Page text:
"I had scarcely got into bed when a strain of music seemed to break forth in the air just below the window. I listened, and found it proceeded from a band, which I concluded to be the waits from some neighbouring village. They went round the house, playing under the windows.

"I drew aside the curtains, to hear them more distinctly. The moonbeams fell through the upper part of the casement, partially lighting up the antiquated apartment. The sounds, as they receded, became more soft and aerial, and seemed to accord with quiet and moonlight. I listened and listened – they became more and more tender and remote, and, as they gradually died away, my head sank upon the pillow and I fell asleep." […]

 © Shelley Childs PMAA 08 November 2005


CAROLLING IN MELSTOCK

Extract from the delightful and charming description of the Melstock Quire [= alternative spelling of choir] in Hardy's Under the Greenwood Tree, which was written in the late 1800s. The tradition of carolling was still very much alive then.

 

For your amusement, here are two extracts describing the quire setting out to entertain the village on their rounds and their experience at Farmer Shiner’s house:

 

Advice to Quire

"Now mind, neighbours," he (William Dewey) said, as they all went out one by one at the door, he himself holding it ajar and regarding them with a critical face as they passed, like a shepherd counting out his sheep. "You two counter-boys, keep your ears open to Michael's fingering, and don't ye go straying into the treble part along o' Dick and his set, as ye did last year; and mind this especially when we be in 'Arise, and hail.' Billy Chimlen, don't you sing quite so raving mad as you fain would; and, all o' ye, whatever ye do, keep from making a great scuffle on the ground when we go in at people's gates; but go quietly, so as to strike up all of a sudden, like spirits."

 

Farmer Shiner's House

Farmer Shiner's was a queer lump of a house, standing at the corner of a lane that ran into the principal thoroughfare. The upper windows were much wider than they were high, and this feature, together with a broad bay-window where the door might have been expected, gave it by day the aspect of a human countenance turned askance and wearing a sly and wicked leer. To-night nothing was visible but the outline of the roof upon the sky.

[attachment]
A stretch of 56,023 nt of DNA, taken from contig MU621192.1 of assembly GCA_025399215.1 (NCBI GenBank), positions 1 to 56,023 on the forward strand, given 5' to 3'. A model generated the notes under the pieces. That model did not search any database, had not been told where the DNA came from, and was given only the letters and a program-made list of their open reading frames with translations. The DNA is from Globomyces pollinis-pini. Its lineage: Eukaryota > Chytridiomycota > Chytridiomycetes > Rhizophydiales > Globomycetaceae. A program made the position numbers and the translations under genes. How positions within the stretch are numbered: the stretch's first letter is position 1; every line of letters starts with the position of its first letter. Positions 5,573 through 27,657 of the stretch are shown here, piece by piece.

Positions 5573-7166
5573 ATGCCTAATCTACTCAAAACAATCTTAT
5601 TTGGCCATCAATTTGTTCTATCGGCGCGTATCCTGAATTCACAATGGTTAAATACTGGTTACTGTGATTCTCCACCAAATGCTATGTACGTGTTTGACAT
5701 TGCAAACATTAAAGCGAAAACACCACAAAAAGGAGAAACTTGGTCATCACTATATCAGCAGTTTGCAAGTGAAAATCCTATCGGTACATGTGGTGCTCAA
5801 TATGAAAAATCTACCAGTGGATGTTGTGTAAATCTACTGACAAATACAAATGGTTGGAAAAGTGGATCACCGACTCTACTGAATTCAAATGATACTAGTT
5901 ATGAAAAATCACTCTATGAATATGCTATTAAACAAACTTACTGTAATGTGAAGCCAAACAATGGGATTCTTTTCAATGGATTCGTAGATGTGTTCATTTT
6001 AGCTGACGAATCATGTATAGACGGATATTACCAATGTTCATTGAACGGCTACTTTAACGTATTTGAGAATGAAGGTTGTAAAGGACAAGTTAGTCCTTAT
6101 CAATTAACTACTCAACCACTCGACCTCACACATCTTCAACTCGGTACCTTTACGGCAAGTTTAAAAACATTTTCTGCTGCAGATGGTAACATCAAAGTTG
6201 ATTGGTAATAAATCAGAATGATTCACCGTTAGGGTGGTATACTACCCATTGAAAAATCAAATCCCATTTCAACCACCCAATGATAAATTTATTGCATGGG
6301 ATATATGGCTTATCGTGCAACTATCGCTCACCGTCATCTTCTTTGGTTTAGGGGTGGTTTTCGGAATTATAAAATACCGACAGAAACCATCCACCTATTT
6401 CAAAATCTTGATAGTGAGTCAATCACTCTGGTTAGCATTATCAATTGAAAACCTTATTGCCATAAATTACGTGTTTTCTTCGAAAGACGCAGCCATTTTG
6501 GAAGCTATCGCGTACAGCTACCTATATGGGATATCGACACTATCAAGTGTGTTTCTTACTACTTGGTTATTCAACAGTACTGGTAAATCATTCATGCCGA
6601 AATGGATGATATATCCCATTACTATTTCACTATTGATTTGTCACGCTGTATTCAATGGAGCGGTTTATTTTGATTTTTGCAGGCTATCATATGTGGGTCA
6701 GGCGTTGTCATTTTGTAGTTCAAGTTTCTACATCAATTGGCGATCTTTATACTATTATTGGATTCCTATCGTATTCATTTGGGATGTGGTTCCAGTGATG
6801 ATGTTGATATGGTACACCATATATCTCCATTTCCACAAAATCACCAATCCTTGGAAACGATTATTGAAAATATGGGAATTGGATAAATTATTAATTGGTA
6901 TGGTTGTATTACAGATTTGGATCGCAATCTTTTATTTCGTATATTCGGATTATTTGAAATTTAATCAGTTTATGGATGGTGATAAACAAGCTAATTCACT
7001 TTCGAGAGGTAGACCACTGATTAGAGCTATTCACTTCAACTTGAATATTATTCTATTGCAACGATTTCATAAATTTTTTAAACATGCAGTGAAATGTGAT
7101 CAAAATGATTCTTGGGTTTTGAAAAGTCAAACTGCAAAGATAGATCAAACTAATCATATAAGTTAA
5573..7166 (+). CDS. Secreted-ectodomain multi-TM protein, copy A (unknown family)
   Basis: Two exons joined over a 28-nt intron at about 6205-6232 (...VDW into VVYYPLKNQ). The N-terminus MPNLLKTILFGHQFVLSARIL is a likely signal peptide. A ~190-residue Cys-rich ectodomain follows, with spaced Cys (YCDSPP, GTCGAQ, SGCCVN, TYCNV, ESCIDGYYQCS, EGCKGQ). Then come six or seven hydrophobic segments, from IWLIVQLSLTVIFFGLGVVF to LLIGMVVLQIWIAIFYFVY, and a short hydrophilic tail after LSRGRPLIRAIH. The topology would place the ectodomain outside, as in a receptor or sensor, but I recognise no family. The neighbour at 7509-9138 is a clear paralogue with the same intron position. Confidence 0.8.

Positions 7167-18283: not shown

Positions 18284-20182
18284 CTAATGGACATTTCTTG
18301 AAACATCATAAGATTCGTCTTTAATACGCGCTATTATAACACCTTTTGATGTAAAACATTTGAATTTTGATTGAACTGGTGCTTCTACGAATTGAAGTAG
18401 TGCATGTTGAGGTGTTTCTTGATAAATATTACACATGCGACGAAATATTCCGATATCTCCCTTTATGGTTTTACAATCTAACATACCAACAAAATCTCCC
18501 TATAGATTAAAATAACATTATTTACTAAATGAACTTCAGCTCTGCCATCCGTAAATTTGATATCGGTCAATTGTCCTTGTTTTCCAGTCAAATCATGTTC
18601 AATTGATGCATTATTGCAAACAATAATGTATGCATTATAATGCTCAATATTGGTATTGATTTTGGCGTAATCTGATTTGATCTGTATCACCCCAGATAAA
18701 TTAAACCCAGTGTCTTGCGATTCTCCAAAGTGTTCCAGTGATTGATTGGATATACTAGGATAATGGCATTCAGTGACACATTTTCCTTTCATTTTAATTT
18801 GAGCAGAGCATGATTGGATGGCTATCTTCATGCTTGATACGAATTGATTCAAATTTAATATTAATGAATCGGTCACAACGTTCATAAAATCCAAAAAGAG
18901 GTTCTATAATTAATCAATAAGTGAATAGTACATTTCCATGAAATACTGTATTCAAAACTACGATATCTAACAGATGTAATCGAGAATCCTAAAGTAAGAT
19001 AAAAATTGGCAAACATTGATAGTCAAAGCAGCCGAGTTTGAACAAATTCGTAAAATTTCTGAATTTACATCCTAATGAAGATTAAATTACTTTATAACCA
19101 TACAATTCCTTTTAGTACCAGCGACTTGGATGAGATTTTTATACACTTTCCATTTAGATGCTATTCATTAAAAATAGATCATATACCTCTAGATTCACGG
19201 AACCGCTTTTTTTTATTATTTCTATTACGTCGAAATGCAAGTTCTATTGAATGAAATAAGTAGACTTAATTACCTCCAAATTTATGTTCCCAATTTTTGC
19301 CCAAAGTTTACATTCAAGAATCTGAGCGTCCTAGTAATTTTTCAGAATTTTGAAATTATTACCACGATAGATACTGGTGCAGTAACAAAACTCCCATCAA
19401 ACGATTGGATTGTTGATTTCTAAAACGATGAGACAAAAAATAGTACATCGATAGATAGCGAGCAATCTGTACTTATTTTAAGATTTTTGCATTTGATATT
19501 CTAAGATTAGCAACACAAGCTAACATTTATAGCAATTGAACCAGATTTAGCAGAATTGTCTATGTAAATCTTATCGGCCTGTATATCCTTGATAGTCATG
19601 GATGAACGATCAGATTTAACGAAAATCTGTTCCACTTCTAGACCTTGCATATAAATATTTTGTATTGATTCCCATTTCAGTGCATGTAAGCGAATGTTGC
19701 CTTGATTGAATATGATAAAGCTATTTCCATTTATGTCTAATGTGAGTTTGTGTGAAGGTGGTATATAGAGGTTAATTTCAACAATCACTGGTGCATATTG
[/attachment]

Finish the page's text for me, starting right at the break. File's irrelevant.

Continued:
The front of this building was reached and the preliminaries arranged as usual. "Four breaths, and number thirty-two, 'Behold the morning star,' " said old William.

 

They had reached the end of the second verse, and the fiddlers were doing the up bow-stroke previously to pouring forth the opening chord of the third verse, when without a light appearing or any signal being given a roaring voice exclaimed, "Shut up, woll 'ee! Don't make your blaring row here: a feller wi' a headache enough to split his skull likes a quiet night." Slam went the window. "Hullo – that’s a' ugly blow for we!" said the tranter [= one who transports goods with a horse and cart] in a keenly appreciative voice, and turning to his companions.

 

"Finish the carrel, all who be friends of harmony!" commanded old William: and they continued to the end.

 

"Four breaths and number nineteen," said William firmly. "Give it him well: the quire can't be insulted in this manner."

 

A light now flashed into existence, the window opened, and the farmer stood revealed as one in a terrific passion.

 

"Drown en - drown en!" the tranter cried, fiddling frantically: "Play fortissimy and drown his spaking!" "Fortissimy!" said Michael Mail and the music and singing waxed so loud that it was impossible to know what Mr Shiner had said, was saying, or was about to say; but wildly flinging his arms and body about in the forms of capital Xs and Ys he appeared to utter enough invectives to consign the whole parish to perdition.